Individual stocks can rise 10%, 25%, or even higher in a short period of time. And they can fall just as far, just as quickly. For example, shares of semi-trailer maker Wabash National fell 18% last Thursday when management announced it would issue shares equal to about 35% of the common shares outstanding on the heels of huge gains in the stock price this year.

Big drops in share price can sometimes signal material defects or new risks. But at other times, they're simply pullbacks along with the larger pessimism facing the market today. Fortunately, we have Motley Fool CAPS, a great resource to help us understand the larger picture behind big price drops.

Is the sky falling?
CAPS contains more than just the crowd's opinions. Its best-performing members' votes count more in shaping each company's rating than do the picks of their poorer-performing peers. That way, investors can intelligently use the collective wisdom of more than 165,000 CAPS members to make better decisions.

We'll use CAPS' handy stock screening tool to quickly zero in on companies with three factors: Their prices have fallen at least 20% in the past four weeks, and they have a market cap greater than $100 million and a beta of less than 3.


CAPS Rating
(out of 5)

Price Change

Sears Holdings (Nasdaq: SHLD)



SunPower (Nasdaq: SPWRA)



North American Palladium (AMEX: PAL)



Source: Motley Fool CAPS. Price return April 30 through May 25.

Sears Holdings
Shares of Sears followed their outstanding gains in 2009 with a strong start this year, but many CAPS members didn't bite on the momentum and dropped the company's rating at the start of 2010. Sears' recent earnings report wasn't encouraging, helping to wipe out much of the recent gains. The company did show improvement in same-store sales, with Kmart rising 1.7%, topping competitor Wal-Mart's (NYSE: WMT) decrease in U.S. comps. And like home improvement retailer Home Depot (NYSE: HD), Sears' U.S. same-store sales increased for the first time in several years.

But while Home Depot generated strong bottom-line growth, Sears experienced plummeting quarterly earnings hurt by heavy promotions and weak margins. Despite some improvement in the economy, Sears' recent showing smacks of weakness and doesn't give some CAPS members much confidence. Today, a lukewarm 70% of the 2,182 CAPS members rating Sears expect it to outperform the broader market.

Shares of SunPower have accelerated their decline since the company announced disappointing earnings a few weeks ago. The company's reported net income for the first quarter missed Wall Street estimates by a wide margin, despite a 64% increase in quarterly revenue. It's not as though SunPower could have avoided shareholder selling, though -- solar peers First Solar (Nasdaq: FSLR) and LDK Solar (NYSE: LDK) both blew past analyst expectations for the quarter and provided rosy forecasts, but still, their shares declined.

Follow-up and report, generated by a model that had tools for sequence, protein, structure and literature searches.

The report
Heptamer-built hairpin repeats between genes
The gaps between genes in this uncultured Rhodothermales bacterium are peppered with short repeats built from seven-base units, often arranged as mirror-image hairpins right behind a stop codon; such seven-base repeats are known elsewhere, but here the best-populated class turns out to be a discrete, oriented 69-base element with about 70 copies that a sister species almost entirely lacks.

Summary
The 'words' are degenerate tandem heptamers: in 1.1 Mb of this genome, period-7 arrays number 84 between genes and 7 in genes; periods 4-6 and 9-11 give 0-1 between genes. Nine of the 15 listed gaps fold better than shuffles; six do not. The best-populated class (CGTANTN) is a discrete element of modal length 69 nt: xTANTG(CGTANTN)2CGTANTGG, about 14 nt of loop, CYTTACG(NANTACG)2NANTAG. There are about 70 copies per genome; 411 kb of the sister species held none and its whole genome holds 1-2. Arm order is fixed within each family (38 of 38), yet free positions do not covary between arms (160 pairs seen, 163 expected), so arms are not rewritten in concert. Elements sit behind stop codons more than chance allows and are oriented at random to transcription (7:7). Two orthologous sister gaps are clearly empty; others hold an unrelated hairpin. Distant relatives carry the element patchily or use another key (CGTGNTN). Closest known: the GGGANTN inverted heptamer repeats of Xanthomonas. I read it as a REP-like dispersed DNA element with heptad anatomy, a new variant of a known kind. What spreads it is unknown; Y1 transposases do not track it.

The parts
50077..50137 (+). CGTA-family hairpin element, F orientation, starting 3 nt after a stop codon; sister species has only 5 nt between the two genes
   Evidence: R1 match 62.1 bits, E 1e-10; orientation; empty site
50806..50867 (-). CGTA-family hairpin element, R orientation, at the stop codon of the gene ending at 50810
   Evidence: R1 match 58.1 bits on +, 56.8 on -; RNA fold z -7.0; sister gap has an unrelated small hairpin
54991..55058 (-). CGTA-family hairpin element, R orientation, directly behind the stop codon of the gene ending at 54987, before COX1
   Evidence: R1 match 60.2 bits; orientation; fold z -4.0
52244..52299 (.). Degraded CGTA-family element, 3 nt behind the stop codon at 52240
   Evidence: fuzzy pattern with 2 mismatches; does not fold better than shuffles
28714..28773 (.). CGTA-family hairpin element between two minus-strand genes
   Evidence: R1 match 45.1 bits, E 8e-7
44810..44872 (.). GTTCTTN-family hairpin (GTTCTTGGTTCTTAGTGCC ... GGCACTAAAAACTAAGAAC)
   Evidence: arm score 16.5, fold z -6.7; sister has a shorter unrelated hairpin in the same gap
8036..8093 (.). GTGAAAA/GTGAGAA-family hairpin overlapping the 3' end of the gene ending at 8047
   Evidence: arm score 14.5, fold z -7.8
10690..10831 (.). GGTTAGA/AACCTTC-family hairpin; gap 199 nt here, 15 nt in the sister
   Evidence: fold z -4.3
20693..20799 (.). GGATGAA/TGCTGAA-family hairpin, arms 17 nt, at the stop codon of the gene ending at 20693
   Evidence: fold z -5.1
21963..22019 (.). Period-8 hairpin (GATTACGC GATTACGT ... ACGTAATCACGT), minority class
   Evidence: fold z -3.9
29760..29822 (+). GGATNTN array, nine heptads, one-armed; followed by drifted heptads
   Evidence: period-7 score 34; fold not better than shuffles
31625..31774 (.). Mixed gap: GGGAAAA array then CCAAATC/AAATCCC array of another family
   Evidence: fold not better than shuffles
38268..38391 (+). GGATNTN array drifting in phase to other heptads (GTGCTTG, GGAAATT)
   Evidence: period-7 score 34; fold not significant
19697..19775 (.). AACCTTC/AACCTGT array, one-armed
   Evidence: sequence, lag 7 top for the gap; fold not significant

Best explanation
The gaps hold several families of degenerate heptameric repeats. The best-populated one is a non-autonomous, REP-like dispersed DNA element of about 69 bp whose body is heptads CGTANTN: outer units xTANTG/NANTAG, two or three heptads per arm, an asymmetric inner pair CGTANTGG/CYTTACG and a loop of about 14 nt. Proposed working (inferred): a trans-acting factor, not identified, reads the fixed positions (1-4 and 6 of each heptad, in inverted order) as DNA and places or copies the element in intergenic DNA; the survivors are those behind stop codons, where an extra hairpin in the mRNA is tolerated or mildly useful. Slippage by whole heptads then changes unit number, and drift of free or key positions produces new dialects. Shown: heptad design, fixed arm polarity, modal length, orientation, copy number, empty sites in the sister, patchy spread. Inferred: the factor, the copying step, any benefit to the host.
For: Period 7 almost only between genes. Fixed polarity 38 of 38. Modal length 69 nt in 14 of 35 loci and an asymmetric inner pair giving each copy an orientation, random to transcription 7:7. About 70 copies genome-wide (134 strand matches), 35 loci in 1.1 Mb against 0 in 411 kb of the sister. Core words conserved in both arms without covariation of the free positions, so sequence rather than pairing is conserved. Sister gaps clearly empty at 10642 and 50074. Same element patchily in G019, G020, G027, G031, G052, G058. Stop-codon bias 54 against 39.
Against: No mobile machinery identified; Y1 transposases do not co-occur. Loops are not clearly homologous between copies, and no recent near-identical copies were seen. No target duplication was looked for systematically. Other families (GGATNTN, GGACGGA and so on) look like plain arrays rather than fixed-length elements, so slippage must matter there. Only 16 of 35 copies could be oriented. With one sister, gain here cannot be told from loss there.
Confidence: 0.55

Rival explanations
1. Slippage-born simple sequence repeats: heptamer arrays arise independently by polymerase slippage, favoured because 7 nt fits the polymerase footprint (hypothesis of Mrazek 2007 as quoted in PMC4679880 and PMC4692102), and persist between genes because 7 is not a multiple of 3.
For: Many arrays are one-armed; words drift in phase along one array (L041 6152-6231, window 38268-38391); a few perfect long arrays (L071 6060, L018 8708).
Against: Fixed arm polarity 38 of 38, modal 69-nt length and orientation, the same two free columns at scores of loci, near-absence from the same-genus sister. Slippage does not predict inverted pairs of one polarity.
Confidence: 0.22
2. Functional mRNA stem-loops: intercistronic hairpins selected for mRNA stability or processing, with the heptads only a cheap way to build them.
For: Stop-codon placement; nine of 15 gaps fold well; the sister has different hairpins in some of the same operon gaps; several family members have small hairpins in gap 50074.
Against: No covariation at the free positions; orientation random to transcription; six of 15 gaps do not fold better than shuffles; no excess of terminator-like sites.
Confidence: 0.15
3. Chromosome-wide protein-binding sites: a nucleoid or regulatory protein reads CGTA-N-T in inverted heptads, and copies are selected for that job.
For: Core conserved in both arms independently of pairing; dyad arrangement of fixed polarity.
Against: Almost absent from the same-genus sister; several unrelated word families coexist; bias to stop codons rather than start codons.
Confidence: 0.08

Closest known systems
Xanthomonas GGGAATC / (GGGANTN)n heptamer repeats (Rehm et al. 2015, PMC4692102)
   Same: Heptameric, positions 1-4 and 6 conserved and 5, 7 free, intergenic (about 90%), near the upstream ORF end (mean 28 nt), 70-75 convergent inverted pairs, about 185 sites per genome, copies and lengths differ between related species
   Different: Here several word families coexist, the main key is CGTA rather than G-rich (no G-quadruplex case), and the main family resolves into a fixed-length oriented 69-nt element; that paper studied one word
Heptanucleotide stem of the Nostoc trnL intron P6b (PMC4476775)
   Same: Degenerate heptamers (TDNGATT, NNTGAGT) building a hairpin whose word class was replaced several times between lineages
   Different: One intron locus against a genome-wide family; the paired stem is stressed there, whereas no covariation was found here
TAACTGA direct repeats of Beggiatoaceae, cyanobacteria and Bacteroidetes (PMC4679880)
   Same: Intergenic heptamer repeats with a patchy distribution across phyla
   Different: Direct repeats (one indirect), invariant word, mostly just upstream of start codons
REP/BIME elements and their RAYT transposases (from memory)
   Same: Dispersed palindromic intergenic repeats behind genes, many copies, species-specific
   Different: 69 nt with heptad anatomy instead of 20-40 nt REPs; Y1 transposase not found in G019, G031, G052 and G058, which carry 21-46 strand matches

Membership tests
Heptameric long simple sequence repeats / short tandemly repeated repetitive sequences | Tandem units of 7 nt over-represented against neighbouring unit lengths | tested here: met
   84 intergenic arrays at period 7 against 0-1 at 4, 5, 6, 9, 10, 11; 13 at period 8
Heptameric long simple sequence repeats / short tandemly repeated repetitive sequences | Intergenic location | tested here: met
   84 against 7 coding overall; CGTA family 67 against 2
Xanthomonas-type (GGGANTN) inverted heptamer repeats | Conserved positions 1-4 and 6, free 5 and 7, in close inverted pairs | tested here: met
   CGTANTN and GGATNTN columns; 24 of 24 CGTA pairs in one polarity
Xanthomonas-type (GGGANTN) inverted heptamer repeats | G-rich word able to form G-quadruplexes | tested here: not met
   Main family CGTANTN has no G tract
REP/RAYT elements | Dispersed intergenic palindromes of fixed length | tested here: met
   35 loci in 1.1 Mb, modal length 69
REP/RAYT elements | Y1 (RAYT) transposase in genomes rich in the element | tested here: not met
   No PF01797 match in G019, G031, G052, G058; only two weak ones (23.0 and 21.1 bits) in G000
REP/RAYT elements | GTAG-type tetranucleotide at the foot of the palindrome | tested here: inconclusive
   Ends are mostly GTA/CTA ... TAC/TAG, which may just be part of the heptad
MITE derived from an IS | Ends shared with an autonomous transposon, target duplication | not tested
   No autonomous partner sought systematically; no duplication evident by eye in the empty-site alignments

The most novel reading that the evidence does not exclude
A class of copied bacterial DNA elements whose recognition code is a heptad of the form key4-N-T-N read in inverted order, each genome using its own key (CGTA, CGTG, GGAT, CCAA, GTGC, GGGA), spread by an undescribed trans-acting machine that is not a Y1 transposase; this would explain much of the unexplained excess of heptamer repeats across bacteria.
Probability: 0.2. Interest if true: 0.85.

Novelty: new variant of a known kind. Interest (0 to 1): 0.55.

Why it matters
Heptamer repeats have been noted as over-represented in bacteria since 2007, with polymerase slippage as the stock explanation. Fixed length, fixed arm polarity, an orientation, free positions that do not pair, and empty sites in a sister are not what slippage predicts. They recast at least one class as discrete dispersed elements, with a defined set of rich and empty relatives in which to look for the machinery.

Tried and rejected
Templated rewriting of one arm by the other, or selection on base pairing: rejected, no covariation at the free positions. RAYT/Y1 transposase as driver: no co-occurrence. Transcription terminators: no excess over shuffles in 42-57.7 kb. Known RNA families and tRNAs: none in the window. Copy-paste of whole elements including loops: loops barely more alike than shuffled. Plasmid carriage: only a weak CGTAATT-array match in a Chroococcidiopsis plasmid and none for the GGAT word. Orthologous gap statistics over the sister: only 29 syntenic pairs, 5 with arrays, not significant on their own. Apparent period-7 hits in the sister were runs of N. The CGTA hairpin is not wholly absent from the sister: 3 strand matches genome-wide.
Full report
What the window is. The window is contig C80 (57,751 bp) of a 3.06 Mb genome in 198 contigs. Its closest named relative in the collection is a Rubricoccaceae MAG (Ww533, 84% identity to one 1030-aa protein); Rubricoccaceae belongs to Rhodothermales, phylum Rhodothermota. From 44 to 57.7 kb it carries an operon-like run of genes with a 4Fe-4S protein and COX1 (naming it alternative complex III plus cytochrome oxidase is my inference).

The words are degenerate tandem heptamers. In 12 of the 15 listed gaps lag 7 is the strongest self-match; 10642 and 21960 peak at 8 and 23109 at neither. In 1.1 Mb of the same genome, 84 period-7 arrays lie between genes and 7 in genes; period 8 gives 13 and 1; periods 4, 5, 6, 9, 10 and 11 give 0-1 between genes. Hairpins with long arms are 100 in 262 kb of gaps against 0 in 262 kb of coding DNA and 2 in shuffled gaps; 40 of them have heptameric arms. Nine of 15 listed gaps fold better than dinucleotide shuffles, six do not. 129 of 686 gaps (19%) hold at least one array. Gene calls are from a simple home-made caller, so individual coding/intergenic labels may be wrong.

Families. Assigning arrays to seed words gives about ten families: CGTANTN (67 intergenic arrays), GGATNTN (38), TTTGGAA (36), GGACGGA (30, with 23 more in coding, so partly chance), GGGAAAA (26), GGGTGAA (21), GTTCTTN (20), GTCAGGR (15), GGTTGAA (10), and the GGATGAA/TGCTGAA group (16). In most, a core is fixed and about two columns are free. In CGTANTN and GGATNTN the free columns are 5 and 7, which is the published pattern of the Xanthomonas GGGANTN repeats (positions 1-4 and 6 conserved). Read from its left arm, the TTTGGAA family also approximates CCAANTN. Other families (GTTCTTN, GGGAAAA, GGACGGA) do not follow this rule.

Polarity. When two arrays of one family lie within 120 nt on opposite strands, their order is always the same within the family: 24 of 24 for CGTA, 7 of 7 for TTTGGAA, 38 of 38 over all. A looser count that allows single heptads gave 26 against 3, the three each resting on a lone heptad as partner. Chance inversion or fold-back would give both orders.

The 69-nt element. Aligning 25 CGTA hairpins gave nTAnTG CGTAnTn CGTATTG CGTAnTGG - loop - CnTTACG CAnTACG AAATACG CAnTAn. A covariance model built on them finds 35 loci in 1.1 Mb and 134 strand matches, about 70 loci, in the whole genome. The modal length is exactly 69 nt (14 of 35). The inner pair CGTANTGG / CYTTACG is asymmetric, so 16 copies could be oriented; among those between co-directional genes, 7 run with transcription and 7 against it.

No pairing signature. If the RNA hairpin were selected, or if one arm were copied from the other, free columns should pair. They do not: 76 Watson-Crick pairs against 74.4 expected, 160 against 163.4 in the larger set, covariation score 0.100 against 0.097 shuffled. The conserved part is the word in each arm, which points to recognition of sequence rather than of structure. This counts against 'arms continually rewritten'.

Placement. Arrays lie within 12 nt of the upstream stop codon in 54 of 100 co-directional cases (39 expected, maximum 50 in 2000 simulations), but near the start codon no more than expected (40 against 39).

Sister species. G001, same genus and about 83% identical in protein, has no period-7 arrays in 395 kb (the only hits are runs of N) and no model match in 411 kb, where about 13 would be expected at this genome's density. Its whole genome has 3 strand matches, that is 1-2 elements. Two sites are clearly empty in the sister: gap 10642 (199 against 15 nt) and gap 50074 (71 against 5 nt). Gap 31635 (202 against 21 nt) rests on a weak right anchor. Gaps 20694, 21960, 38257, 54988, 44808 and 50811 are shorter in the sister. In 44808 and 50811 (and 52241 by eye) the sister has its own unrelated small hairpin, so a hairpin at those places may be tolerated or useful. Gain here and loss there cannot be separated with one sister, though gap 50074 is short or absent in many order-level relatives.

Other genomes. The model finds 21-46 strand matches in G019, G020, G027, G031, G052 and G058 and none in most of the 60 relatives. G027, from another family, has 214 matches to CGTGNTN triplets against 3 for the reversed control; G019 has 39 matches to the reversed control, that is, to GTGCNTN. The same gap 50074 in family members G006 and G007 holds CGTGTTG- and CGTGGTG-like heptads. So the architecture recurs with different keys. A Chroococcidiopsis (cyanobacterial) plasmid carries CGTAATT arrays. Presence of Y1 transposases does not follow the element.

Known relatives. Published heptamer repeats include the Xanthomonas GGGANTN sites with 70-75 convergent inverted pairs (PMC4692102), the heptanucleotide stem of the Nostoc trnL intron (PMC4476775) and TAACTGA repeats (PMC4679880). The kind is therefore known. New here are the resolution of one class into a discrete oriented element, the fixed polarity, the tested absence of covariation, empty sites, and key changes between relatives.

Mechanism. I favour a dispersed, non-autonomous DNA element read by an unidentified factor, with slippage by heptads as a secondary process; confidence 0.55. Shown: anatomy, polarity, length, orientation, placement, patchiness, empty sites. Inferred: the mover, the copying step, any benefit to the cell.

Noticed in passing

Several factors have spooked solar sector investors lately, including the potential effects a nose-diving euro might have on the companies' bottom lines. Some CAPS members see the drop in SunPower as a buying opportunity, but many still have concerns about the larger sector trends. In CAPS, nearly 90% of the 1,595 members rating SunPower believe it's a market-beating investment.  

North American Palladium
The steep drop in palladium prices and resulting sell-off in shares of North American Palladium have dealt a sharp blow to the company's value. The CAPS community took the company's rating down a notch briefly to four stars, but many investors are holding the bullish line, especially with North American Palladium making a big move into gold. The company has several projects in its pipeline and is funding the exploration of several mines, keeping CAPS members positive about its future despite the recent drop in its shares. Overall, 96% of the 1,025 CAPS members rating North American Palladium see it outperforming the S&P 500.

Ultimately, whether or not you believe a fall in any stock is warranted, your own research is more important than collective opinions. CAPS can help you quickly focus your due diligence, and even point out potential pitfalls you may not have seen.

Add your take on these or any of the 5,400 stocks that 165,000-plus members have covered in Motley Fool CAPS. It's totally free to be a part of the community, and the payback is more than worth it.

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Fool contributor Dave Mock habitually looks for silver linings in even the darkest of clouds. He doesn't own shares of companies mentioned here. The Home Depot and Wal-Mart Stores are Inside Value recommendations. First Solar is a Rule Breakers selection. The Fool's disclosure policy is made of sugar and spice and everything nice.